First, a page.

Reports of the Interval’s death are greatly exaggerated

In the run-up to theatres reopening, and all the safeguards put in place by theatres, there has been much knee-jerk reaction about having to dispense with the interval. This is nonsense and will gradually subside as we return to our established ways of functioning. However, it did make me think about the interval, how it developed and its many benefits from both an audience and a theatre-maker’s point of view.

The interval, as I understand it, originally developed in the time when candles were the only available source of illumination in places where performances were given. Thus, the performance paused when the candles which sat along the front of the stage to give illumination (the first footlights) needed to be replaced as they had burned down. From the early 1800s gas lighting was slowly introduced but the concept of the interval had been well enough established to survive.

As the play structure developed through the nineteenth century, the three act format became the most prevalent, and this offered a choice as to whether there should be one interval with two acts running together, or one interval and a short “pause” at the other act changeover.

Although plays were originally written to run straight through, as times, tastes and audiences changed, the interval was seen as beneficial by theatre managers for a number of reasons – chiefly to sell more drinks at their bars, and also as a chance for the audience to socialise with other theatregoers. Intervals increasingly became established as an opportunity to send audiences out buzzing with excitement and anticipation of what was to come in the rest of the performance. A good “first-act curtain” was a cliff-hanger, a revelation or shock, upon which the audience were encouraged to speculate for the duration of the interval given.

Modern audiences welcome a chance to think about the show and discuss it with their companions and friends. Other choose to stretch their legs, pop outside for a smoke, grab an overpriced drink from one of the theatre’s bars, or pop to the loo. One of audiences’ bugbears throughout history have been theatre loos. Why so few for ladies down the decades? Because fewer women than men attended the theatre at the times when a lot of the UK’s theatres were built (many over a century ago), one is lead to believe. With women’s progress over the decades in financial and social independence, it is appalling that only very recently have attempts been made to increase loo facilities for ladies, and much more needs to be done.

For producers, intervals can offer the chance of a rest for performers. It can also allow stage scenery and settings to be changed at a more leisurely pace then when changing scenes. Technically, it can also offer a breather to sort any technical issues which may have arisen during the first act. If the show has a live orchestra, interval can also give a well-earned rest for the musos and conductor- even more so when the conductor is also a playing band member, as is so often the case these days.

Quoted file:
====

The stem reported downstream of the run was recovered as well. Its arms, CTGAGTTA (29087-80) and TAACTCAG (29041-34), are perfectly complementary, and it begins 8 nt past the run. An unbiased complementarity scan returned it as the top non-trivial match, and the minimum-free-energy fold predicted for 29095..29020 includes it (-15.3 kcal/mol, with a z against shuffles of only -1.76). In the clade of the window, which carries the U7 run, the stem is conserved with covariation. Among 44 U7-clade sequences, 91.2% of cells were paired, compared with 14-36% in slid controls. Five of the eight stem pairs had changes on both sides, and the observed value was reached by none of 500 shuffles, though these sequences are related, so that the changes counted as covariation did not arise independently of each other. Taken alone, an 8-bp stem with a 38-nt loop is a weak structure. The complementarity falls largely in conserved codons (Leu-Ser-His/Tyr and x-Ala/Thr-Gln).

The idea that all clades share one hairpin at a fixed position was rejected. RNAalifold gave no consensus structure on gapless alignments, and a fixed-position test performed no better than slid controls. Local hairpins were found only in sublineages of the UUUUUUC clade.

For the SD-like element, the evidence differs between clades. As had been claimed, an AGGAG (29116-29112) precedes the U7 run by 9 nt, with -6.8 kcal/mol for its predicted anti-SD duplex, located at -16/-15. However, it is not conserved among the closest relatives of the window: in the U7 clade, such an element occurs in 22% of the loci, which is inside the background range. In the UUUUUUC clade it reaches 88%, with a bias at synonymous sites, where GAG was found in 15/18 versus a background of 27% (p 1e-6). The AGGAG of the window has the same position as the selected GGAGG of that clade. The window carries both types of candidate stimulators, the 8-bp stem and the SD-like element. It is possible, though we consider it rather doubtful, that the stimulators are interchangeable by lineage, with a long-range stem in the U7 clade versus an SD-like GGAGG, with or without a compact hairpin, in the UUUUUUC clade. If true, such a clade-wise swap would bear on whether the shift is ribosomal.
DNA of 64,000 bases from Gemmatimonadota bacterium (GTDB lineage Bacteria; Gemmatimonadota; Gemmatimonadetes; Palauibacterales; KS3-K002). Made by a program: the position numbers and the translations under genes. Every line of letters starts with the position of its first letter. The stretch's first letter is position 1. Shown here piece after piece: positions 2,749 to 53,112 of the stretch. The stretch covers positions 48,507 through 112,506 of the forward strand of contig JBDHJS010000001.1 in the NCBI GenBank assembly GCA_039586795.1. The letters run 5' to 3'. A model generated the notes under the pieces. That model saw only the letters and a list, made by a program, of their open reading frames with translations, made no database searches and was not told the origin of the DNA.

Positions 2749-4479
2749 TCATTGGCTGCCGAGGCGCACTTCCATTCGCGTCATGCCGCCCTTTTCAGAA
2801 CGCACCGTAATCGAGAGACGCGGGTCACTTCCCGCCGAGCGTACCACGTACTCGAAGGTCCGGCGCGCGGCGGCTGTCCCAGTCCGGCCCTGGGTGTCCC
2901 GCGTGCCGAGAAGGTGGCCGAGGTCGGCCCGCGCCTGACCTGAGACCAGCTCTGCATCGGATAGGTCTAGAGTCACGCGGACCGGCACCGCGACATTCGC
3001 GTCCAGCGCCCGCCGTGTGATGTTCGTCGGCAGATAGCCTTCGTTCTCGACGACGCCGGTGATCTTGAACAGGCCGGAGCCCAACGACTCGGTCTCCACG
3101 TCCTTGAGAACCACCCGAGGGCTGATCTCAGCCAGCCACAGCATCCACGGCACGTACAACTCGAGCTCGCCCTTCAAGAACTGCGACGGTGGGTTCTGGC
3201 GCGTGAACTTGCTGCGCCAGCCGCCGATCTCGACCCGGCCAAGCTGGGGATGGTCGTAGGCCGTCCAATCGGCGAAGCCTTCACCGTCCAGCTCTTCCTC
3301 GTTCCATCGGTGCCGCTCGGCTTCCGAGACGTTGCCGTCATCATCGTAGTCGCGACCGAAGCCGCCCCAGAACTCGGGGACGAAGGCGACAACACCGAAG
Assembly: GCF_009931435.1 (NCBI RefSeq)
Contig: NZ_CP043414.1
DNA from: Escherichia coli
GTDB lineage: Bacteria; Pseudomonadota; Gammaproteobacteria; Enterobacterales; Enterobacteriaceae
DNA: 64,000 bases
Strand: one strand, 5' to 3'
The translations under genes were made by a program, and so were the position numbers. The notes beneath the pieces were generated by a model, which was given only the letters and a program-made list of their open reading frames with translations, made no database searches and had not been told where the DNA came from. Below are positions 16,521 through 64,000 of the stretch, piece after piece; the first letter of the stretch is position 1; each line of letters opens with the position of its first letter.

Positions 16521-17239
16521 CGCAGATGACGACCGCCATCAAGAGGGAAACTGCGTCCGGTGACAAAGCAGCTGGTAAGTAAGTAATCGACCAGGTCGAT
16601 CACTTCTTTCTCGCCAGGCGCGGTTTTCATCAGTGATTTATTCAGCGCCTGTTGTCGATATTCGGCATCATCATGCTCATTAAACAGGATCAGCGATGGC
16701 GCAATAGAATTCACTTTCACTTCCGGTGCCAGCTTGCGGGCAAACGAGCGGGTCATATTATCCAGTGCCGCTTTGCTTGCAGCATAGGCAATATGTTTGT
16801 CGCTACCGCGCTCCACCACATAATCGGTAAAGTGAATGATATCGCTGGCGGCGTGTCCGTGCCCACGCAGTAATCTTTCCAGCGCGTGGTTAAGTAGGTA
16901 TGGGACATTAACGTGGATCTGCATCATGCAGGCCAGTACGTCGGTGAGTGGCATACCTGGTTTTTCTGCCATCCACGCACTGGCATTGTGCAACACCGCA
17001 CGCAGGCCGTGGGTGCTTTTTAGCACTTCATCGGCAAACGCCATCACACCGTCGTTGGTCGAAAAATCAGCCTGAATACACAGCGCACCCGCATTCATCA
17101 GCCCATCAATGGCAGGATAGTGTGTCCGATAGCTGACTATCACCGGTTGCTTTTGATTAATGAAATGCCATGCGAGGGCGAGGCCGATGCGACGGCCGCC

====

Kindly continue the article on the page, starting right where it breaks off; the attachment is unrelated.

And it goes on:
For the theatre owners, intervals are a useful way of increasing their income from bar sales, confectionery, ice cream and merchandise. All of these go directly to the theatre owners, with the exception of merchandise which usually is a split-profit agreement. Programmes are the responsibility of the theatre owners; brochures fall under merchandise.

For playwrights themselves, the interval’s relevance can sometimes (but not always) be determined from the length of the show. Some shows are deemed too short to warrant one, others are specifically written without an interval, and very long shows sometimes include a five-minute “pause” (as was the case in the two-part THE INHERITANCE in 2018/19). Longer shows can also involve more than one interval.

Cynics might say that the interval gives them a chance to get out of a truly terrible show, and true as this may be, truly bad shows in the 21st century are few and far between.

So let’s carry on enjoying the interval, safely and thoughtfully. There might be a time when you’ll really be grateful for it!


One Reply to “Reports of the Interval’s death are greatly exaggerated”

  1. We don’t need to wait for the intermission (as it’s called here in the USA) to leave a bad show — we go at the end of a scene.
    If we stick around (which is the case 99% of the time), we know that there’s only 45 minutes left following the start of the final act.
    One of the best times we ever had at a Broadway show was the recent revival of “Merrily We Roll Along”. 95 minutes, no intermission. Quite exhilarating.

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